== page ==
|Jack the Ripper: A Suspect Guide|
|This text is from the E-book Jack the Ripper: A Suspect Guide by Christopher J. Morley (2005). Click here to return to the table of contents. The text is unedited, and any errors or omissions rest with the author. Our thanks go out to Christopher J. Morley for his permission to publish his E-book.|
Dr. Lyttleton Forbes Winslow
Dr Lyttleton Forbes Winslow was born on 31 January 1844 and educated at Rugby and Downing college, Cambridge, he grew up in the private asylums owned by his father Forbes Benignus Winslow. He would later join his father in practice, and upon his father's death, took over the running of the asylums. Though after a family feud this responsibility was removed from him. He therefore turned his attention to the solving of crime by Sherlock Holmesian methods, and with a little manipulation of the evidence, came to believe he knew the identity of Jack the Ripper, and believed if given a team of six Constables could catch the murderer.
His suspect was G. Wentworth Smith, a Canadian, who had come to London to work for the Toronto Trust Society, and who lodged with Mr and Mrs Callaghan at 27 Sun Street, Finsbury Square. Smith came under suspicion from Mr Callaghan when he was heard saying that all prostitutes should be drowned. He also talked and moaned to himself, and kept three loaded revolvers hidden in a chest of drawers. Callaghan took his suspicions to Winslow, who in turn contacted the police. His theory was fully investigated by the police and shown to be without foundation. This did not stop Winslow, who for many years trumpeted his theory at every opportunity, and claimed credit that his efforts had forced the Ripper into abandoning murder and fleeing the country. Winslow himself tells us how he spent, day after day, night after night, in the Whitechapel slums, 'The detectives knew me, the lodging house keepers knew me, and at last the poor creatures of the streets came to know me. In terror they rushed to me with every scrap of information which might, to my mind, be of value to me. The frightened women looked for hope in my presence. They felt reassured and welcomed me to their dens and obeyed my commands eagerly, and I found the bits of information I wanted'.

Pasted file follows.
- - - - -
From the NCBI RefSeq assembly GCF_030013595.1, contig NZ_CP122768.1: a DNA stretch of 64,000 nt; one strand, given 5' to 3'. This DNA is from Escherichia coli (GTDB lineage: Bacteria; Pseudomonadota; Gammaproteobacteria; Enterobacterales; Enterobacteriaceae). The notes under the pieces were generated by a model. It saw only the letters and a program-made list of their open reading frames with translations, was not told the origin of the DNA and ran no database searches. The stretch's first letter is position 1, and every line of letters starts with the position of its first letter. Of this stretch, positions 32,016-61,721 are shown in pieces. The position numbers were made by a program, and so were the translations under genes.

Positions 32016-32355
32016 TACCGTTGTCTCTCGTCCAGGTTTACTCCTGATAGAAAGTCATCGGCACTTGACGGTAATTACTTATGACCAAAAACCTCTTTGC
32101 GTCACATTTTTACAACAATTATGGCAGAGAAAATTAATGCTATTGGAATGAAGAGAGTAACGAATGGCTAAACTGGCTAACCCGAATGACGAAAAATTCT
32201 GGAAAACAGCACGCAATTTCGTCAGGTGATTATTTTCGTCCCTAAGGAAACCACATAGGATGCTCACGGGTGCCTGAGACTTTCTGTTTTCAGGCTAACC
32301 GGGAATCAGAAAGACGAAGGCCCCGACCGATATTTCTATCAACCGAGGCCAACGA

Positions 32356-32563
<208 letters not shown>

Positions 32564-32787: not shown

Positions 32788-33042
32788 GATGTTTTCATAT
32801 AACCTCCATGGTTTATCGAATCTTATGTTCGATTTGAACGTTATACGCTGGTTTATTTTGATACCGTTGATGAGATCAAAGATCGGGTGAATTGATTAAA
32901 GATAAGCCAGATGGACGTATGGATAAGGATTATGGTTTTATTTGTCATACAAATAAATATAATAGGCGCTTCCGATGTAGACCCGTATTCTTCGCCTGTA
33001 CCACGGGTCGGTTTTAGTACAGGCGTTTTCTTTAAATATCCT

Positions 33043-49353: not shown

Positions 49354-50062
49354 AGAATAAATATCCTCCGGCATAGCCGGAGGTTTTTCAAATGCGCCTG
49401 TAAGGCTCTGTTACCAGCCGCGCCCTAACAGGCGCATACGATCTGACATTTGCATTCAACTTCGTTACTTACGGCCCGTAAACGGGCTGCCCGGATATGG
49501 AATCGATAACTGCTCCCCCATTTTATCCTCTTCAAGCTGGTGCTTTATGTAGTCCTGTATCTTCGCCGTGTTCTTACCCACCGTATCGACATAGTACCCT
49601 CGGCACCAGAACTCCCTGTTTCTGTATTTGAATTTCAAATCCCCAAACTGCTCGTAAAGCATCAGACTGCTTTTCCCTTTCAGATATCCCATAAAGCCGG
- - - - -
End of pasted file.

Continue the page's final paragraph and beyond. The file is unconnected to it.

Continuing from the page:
Winslow, through his persistence and his constant projection of himself into the Ripper story, caused the police to briefly suspect him, and to check on his movements at the time of the Ripper murders.
Winslow, an expert on matters of legal sanity, wrote the Handbook For Attendants On The Insane, and also founded the British hospital for mental disorders in London. In his memoirs he states, 'I have breathed the atmosphere of lunacy for a period extending over sixty years. He died on 8 June 1913.
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